Give Grandma a break!

Kyle Mirecki’s article “Here Comes the Boom!” (Feb. 16, 2011) argued that “with a growing number of seniors, a small birth rate, and with senior public expenditures costing 2.5 times more than youth expenditures, a national child care program [ . . . ] is simply not what Canadians are going to need.” I respectfully disagree. Child care may not be what Canadians are going to need the most, but it’s still too important of an issue to brush off as “silly,” particularly to Canadian women.

The issue at hand is that the aging baby boomers will require more tax revenue to fund the social and health programs they will need to use in the near future. It makes perfect sense that these programs will need more resources to meet demand, but to propose that significant funding does not also need to go towards child care because seniors will outnumber children is not looking at the issue closely enough.

Because of numerous factors, the birthrate in Canada has been below replacement level for over 30 years. With fewer children being born and more and more baby boomers reaching retirement age, the tax base is actively shrinking. This is a recognized problem, but apart from raising immigration rates or raising taxes, the next best answer has been to increase the percentage of Canadians who work. Progressively, individuals newly entering the workforce have been women, either by choice or out of necessity.

In 2006, Statistics Canada noted that women made up 47 per cent of the workforce, up from 37 per cent in 1976. This addresses the previous problem to an extent, but creates another: more women working outside the home means more demand for child care. Sixty-six per cent of mothers with children under six are employed. In this instance, it does not matter how high the national birthrate is; someone still needs to take care of a woman’s children if she works, and since stay-at-home fathers are still in the minority, funding for child care is needed now more than ever.

By 2002-03, 54 per cent of children were in some form of child care, an increase of 12 per cent in just eight years. In the same amount of time, the number of kids in day cares rose eight per cent to form a total of 28 per cent of children overall in child care. Usage of day cares is higher in urban settings (30 per cent) and for those parents with low incomes (42 per cent).

In response to Mirecki’s suggestion that baby boomer grandparents will have more time to babysit in their retirement, that is certainly true and the numbers reflect that more parents are taking advantage of that availability. The number of children cared for by relatives either outside or inside their own homes both grew, but the choice of the majority is neither relatives nor day cares: a full 30 per cent of children in care are looked after by non-relatives outside the home. This often means informal arrangements in unregulated settings.

The advantage of having relatives watch one’s children is that such services are often free, but this option is not always available due to geographic location, poor health of relatives or availability. In a perfect world, parents would be able to choose by whom and where their children are cared for, but the reality is that the option chosen is often whichever one parents can afford or wherever a space is available, something in short supply with day care wait-lists hundreds of names long.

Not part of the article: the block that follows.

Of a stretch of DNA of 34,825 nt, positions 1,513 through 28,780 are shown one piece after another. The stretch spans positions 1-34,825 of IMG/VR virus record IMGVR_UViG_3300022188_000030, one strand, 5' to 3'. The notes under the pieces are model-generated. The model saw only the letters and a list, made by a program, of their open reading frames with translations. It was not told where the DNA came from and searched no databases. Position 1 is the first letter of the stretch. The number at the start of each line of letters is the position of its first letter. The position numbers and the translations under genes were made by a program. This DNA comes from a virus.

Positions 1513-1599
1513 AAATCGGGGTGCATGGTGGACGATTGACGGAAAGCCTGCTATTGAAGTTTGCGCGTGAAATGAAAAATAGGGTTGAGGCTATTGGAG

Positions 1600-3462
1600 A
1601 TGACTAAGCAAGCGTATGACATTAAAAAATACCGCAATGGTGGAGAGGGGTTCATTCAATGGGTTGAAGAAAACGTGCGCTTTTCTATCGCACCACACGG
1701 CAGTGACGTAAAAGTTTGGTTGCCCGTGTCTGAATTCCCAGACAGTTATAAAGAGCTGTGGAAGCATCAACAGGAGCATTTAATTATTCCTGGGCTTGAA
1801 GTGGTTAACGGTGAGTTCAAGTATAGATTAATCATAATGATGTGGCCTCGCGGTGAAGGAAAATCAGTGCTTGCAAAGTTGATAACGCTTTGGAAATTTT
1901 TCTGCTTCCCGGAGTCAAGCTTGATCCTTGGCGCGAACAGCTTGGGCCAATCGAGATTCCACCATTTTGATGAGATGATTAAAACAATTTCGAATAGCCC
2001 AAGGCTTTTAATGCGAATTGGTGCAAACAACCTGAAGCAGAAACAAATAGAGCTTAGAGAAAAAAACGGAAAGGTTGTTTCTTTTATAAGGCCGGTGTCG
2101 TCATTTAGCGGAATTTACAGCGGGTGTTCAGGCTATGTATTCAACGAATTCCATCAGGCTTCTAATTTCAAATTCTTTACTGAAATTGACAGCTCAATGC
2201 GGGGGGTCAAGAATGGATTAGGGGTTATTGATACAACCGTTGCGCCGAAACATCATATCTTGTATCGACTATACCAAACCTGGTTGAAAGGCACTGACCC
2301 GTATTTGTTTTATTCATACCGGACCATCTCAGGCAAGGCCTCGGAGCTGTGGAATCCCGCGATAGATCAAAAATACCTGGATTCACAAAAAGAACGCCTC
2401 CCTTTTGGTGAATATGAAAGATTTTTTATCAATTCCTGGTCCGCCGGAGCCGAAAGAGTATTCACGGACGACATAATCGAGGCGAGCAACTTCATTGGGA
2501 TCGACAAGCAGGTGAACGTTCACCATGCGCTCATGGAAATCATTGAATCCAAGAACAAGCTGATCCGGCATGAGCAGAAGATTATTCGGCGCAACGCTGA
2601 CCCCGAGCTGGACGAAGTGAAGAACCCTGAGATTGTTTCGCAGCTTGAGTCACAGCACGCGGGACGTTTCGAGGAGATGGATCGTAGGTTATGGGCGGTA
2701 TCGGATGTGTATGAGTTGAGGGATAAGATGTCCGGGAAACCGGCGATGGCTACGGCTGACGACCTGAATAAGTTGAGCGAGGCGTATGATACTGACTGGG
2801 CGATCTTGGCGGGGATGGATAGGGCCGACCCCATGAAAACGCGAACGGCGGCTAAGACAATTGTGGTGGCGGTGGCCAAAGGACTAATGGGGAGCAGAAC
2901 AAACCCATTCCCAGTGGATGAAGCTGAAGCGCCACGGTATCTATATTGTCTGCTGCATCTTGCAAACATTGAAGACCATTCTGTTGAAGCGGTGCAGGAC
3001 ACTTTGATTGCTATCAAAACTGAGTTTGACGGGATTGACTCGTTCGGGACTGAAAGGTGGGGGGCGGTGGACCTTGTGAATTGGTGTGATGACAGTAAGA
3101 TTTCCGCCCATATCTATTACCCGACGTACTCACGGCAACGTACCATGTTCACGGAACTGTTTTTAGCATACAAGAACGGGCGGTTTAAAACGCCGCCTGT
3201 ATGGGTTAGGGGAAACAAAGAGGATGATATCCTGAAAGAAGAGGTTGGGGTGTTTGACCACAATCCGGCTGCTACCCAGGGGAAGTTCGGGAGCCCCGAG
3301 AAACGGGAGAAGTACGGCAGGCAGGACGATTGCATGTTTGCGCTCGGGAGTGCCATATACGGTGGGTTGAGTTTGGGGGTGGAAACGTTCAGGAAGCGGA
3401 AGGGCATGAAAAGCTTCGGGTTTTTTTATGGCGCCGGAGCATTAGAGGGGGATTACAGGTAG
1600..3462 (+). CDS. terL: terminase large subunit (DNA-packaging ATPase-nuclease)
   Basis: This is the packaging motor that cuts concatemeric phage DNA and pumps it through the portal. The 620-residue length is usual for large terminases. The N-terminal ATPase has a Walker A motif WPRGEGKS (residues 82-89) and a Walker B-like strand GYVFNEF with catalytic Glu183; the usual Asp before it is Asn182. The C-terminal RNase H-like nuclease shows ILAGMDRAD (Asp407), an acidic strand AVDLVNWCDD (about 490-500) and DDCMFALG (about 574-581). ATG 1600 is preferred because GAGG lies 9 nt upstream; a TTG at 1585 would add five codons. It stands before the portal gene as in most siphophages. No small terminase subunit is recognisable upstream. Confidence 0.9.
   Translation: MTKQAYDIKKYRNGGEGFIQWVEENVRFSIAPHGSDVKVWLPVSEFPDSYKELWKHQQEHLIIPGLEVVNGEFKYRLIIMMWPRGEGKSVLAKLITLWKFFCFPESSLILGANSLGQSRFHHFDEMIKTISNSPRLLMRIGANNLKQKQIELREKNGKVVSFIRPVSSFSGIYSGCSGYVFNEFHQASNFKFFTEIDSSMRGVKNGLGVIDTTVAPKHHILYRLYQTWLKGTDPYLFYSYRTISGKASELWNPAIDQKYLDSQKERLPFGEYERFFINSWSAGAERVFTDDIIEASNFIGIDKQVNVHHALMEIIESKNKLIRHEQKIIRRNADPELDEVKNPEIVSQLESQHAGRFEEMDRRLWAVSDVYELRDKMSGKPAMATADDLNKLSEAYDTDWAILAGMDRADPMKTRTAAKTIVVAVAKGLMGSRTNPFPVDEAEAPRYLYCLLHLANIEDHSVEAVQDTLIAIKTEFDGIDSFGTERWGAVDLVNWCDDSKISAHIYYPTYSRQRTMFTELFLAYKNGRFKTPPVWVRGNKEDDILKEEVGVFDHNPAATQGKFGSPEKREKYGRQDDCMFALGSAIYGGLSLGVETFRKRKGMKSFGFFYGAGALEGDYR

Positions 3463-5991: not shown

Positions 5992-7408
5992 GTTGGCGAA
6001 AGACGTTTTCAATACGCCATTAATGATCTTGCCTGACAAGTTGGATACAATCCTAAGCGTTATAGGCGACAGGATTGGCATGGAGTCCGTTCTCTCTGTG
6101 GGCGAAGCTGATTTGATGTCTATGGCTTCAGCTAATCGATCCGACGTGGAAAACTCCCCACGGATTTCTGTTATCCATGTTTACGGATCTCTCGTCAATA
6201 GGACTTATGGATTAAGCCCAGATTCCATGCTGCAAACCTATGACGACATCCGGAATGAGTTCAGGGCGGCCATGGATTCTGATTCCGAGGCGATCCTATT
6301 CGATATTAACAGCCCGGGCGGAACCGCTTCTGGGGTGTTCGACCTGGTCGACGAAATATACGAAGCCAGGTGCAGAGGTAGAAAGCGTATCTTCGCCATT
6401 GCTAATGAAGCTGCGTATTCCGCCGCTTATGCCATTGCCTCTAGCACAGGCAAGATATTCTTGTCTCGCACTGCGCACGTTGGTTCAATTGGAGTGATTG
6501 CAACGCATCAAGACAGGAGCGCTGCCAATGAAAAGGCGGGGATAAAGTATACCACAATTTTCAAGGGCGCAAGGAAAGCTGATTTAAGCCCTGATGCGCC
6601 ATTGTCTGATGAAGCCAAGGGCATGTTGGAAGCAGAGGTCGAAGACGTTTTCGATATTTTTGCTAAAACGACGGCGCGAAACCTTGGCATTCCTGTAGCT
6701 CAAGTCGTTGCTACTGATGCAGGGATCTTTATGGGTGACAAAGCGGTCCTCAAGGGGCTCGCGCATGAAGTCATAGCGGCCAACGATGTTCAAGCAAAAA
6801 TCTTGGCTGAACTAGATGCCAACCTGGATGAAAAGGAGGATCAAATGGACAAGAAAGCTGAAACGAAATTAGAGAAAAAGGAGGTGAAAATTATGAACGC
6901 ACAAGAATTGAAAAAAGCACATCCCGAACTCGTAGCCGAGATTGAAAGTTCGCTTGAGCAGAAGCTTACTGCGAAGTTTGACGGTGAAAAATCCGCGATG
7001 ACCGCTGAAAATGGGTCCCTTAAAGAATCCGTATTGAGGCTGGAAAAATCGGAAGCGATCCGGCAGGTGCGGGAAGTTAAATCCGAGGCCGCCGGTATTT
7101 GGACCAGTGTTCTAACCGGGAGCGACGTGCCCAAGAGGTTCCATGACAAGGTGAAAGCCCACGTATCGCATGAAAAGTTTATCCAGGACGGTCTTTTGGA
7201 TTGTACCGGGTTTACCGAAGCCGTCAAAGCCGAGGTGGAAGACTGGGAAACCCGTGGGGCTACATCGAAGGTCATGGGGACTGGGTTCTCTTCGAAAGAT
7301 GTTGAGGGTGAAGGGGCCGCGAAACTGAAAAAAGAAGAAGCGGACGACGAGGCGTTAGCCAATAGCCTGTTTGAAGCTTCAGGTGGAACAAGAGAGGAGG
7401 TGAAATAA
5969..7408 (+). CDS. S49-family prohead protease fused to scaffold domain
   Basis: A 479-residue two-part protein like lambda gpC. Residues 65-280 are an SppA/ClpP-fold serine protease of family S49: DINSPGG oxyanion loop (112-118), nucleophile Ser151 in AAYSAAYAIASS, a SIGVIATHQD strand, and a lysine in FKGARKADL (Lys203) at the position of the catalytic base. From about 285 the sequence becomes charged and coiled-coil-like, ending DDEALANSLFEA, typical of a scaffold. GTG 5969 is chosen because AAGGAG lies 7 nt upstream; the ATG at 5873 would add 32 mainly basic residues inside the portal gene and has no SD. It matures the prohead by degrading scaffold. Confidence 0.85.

Is a national child care program, like the one proposed by the Liberals in 2006 and recently revived by the party’s current leadership, the best solution to the problem of high costs and low availability? Paul Martin called for $5 billion to be given to the provinces over a period of 10 years to build infrastructure and expand existing programs. When the Conservatives came into power that plan was scrapped, and they instead created the Universal Child Care Benefit, which issues taxable, monthly $100 payment to families with children under six, as well as made grants and tax cuts available to business and community groups in order to encourage the creation of more day care spaces.

Stephen Harper justified going this route by saying that with the payment each family “can choose the child care option that best suits [their] need.” Don’t get me wrong, “choice” is great, but it doesn’t create anything concrete like infrastructure or more available spaces, or train more early childhood educators. It’s money being thrown away, especially when $100 a month is a drop in the bucket of what child care actually costs, which is several hundred dollars per month and can reach into the thousands, depending on the city and how many children a family has.

We’re taking care of seniors by giving them government safety nets — public health care, Old Age Security and the Canadian Pension Plan. We’ve long since realized as a country that socialization is welcome in the case of programs that benefit the elderly — in fact, we rely on them so much that we need to fund them further. Why then can the same not work for the young in the form of a national child care program? Do we really have to wait until the baby boomers are gone and today’s working parents are seniors themselves to get the government to invest in child care?

Let’s work together to making working parenthood easier.

Meredith Holigroski is the Design Editor at the Manitoban and aims to try to “have it all.”

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